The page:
Christopher Sakezles builds people.
It sounds like science-fiction. But before you accuse him of spurring a Cylon invasion of Earth, rest assured he’s using his powers for good.
Sakezles is the founder, CEO and chief technology officer for Florida-based SynDaver Labs, a company that creates, designs and builds synthetic human tissues and bodies. If that sounds a little out there to you, you’re not alone. When Sakezles began to pitch his idea to potential investors he didn’t receive the response he hoped.
“I got laughed at a lot—people thought I was crazy,” he said. “I did kind of understand because all I had was this crazy idea back then and some basic research. If I had walked in with a full synthetic human, it probably would have been a different story, but I didn’t have that back then.”
Sakezles wasn’t crazy. Both synthetic human tissue and synthetic cadavers have an amazing number of applications in the real world, from a practice surface for medical students to a life-like replacement for the traditional crash test dummy.
Sakezles was also told his technology wasn’t necessary.
“When I first started seeking investment I was commonly told that our technology was not necessary because ‘animals are cheap,'” he said. “Medical device testing is commonly performed on animals and in many cases they are considered cheap, disposable property.”
SynDaver cadavers are amazingly lifelike, and, unlike a traditional cadaver, some can be reused. He’s matter-of-fact when discussing the reusability of the synthetic cadavers, using an odd but apt simile.
“The larger more elaborate models are designed to be reused repeatedly,” Sakezles said. “And that can be serviced the same way a car would. You drive through a pothole and you blow a tire and you replace that tire. The same thing with any complex system like a synthetic human. You destroy one part, you replace that one part.”
Sakezles is forthright when he talks about the challenges of launching not only a startup, but of being one of the pioneers in a new field. The main difficulty? A simple cost-benefit analysis.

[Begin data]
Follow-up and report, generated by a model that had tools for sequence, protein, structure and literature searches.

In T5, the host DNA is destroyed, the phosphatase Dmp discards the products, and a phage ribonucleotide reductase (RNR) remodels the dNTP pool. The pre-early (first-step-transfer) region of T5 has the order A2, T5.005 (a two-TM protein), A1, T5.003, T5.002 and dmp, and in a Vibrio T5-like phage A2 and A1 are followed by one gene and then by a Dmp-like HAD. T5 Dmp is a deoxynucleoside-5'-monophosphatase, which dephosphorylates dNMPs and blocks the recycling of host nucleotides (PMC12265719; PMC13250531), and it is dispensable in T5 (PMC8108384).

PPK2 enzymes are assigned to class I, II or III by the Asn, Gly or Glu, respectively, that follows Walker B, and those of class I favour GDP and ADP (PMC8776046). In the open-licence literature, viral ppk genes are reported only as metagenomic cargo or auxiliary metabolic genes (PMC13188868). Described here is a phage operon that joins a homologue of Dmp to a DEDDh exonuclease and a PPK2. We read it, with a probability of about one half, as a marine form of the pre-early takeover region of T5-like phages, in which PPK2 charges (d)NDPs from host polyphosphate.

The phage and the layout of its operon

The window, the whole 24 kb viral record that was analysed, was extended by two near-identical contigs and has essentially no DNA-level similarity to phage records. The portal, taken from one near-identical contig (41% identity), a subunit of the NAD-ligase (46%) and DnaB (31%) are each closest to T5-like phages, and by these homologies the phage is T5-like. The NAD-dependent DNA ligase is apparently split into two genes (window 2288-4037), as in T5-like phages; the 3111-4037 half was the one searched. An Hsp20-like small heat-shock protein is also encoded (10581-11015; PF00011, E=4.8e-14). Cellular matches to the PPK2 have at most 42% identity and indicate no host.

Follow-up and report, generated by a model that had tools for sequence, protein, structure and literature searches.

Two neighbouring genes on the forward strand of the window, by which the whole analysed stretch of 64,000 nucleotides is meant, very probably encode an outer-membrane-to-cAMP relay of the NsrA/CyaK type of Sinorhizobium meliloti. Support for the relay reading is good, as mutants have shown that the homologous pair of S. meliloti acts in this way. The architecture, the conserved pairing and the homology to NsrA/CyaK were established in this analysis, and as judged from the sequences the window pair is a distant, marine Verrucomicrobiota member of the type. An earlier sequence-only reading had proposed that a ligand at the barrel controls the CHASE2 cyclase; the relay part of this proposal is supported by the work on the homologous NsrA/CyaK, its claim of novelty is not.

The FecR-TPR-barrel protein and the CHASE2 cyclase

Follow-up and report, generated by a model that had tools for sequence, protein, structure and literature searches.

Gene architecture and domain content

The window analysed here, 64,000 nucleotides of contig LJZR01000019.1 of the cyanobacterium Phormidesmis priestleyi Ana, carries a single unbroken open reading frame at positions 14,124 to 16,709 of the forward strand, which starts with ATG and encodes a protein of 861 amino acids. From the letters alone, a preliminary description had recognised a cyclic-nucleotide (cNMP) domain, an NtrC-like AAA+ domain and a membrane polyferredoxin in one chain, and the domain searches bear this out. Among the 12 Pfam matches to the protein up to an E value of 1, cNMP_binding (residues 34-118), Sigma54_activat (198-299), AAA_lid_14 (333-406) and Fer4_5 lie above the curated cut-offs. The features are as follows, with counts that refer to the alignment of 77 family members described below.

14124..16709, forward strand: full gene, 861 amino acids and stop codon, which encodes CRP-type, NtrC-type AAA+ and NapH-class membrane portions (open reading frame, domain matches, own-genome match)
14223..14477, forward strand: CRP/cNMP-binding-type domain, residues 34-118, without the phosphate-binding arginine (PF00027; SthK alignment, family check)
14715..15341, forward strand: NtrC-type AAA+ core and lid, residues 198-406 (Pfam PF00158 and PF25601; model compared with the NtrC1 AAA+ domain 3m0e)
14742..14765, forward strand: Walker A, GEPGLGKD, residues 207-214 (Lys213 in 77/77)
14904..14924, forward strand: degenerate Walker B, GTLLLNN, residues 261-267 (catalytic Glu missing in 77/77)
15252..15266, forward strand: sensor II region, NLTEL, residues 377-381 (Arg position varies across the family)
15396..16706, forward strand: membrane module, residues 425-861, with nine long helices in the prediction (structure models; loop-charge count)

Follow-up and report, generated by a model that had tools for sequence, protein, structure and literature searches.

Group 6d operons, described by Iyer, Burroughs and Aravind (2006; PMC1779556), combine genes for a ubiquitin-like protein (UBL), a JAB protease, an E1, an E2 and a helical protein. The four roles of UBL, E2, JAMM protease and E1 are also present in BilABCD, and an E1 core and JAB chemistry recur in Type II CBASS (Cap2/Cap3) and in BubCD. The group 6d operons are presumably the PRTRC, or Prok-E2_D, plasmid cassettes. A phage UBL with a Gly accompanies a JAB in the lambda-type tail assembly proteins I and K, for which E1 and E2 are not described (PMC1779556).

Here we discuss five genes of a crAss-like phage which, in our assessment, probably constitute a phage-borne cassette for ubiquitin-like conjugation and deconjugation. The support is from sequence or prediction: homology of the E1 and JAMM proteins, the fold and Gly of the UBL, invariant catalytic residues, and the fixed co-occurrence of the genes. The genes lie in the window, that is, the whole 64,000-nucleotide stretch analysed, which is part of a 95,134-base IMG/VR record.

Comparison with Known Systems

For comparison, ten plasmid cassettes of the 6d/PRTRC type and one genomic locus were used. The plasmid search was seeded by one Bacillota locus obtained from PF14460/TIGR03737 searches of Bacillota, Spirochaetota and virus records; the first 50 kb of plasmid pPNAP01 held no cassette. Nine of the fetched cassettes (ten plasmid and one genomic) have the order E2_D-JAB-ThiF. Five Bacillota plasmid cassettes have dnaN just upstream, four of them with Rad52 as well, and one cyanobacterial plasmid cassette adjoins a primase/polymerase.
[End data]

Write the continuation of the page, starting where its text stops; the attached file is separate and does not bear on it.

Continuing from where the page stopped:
“It was difficult to stay focused while being poor,” he said. “I quit a job in the mid-’90s where I was making $100,000-plus. I had to give that up and take a vow of poverty while I was doing this labor of love.”
Today, that labor of love appears poised to change how cars are safety-tested and how surgeons learn to place medical devices.
While synthetic cadavers can stand in for the real thing in many ways, they aren’t perfect.
“It is still a model, so there’s a limit to what we can reproduce—in terms of scale—so things like fine micro-vessels and nerves you won’t currently see in our standard models,” he said. “All of the basic systems are there, however. There’s blood flow in the veins and arteries just like a real body, and you can ventilate the lungs. Our higher-end models include additional features–they will move, breathe and blink autonomously.”
While the synthetic cadavers aren’t perfect, they’re a far cry from the “tissue pucks” Sakezles first started producing. He’s even produced a synthetic dog cadaver for veterinary training.
“Our products have continuously become more complex,” he said. “My first product was a simple thing called a tissue puck—just a small, multilayered tissue construction… Over time, as we created more tissues and learned more about how they interacted, we could create more complex models, and start thinking about building organs and organ systems and limbs and bodies. It kind of grew like a Lego castle—once you have all of the parts, building is simple work.”
Kelly Prosen Hara is a Minneapolis writer who loves tabletop games, horror, roadside attractions and empowering women. She tweets pictures of her cats and food her husband makes @kellymprosen and blogs about love and mental illness at adventuresinpoorgrammar.blogspot.com.